Benjamin Dancer

Is Jack The Good Guy or the Bad Guy? by Benjamin Dancer

I’m pleased to welcome Benjamin Dancer today to talk about his novel Patriarch Run, which drops tomorrow (Conundrum Press). In Patriarch Run, lead Jack Erikson is confronted with problems both highly personal, the nature of fatherhood and relationship between father and son, and truly global, the consequences of our relentless population explosion and its potential tipping point on the sustainability of the human race. Both are obviously complex, nuanced topics, and in Jack readers are presented with a suitably complicated character to carry the burden of sorting out the mess he finds himself in.

Because: Bears by S.W. Lauden

The busy (three books in eleven months) S.W. Lauden is back on the site today, this time to talk about his newest novel, Grizzly Season (Rare Bird Books, October 11th), the sequel to Steve’s lauded debut Bad Citizen Corporation. Not one to let the grass grow under his feet, Steve also managed to sneak in a novella, Crosswise, between the two. Today, Steve proves that he has a more than worthy tale to tell when asked where the inspiration for Grizzly Season came from.

Banned Books Week 2016: Celebrating the Freedom to Read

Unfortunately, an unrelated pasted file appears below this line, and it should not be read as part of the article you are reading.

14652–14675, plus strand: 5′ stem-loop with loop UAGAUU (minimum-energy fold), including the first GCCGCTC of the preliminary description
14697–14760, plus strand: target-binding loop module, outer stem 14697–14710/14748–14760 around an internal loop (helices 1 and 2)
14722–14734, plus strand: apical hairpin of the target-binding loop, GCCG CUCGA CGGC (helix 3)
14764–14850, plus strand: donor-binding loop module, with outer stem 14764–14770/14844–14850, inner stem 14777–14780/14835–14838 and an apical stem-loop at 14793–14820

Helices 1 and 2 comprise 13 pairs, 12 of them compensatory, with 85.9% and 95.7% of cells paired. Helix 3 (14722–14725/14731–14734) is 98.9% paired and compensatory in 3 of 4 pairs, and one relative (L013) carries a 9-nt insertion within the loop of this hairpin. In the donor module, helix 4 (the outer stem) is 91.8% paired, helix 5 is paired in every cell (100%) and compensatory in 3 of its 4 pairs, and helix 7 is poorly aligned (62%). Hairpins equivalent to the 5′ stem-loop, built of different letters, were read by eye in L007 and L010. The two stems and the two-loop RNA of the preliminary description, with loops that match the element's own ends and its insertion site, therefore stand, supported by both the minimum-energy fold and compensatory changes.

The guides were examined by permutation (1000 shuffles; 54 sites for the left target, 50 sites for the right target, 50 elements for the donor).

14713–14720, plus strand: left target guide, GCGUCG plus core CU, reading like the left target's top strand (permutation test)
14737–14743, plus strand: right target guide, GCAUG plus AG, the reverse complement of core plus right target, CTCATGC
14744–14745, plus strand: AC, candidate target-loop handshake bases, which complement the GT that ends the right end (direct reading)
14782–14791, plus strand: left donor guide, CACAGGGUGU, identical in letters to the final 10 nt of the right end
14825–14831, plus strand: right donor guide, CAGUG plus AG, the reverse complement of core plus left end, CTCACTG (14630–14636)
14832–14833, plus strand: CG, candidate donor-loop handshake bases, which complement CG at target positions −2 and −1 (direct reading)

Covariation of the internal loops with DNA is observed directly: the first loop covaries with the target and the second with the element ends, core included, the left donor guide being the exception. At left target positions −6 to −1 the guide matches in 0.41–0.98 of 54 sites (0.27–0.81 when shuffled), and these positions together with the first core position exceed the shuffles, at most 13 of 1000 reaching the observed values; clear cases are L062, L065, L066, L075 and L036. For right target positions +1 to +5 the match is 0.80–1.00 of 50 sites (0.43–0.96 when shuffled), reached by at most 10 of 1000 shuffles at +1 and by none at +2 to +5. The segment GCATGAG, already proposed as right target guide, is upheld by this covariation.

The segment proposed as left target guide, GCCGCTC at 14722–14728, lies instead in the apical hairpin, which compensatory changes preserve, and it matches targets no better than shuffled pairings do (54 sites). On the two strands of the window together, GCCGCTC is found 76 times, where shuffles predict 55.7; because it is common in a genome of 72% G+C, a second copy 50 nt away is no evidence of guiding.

Banned Books Week: Celebrating the Freedom to ReadToday is the start of Banned Books Week 2016:

Banned Books Week (BBW) is an annual event celebrating the freedom to read and the importance of the First Amendment. Held during the last week of September, BBW highlights the benefits of free and open access to information while drawing attention to the harms of censorship by spotlighting actual or attempted banning of books across the United States.

Intellectual freedom — the freedom to access information and express ideas, even if the information and ideas might be considered unorthodox or unpopular — provides the foundation for Banned Books Week. BBW stresses the importance of ensuring the availability of unorthodox or unpopular viewpoints for all who wish to read and access them.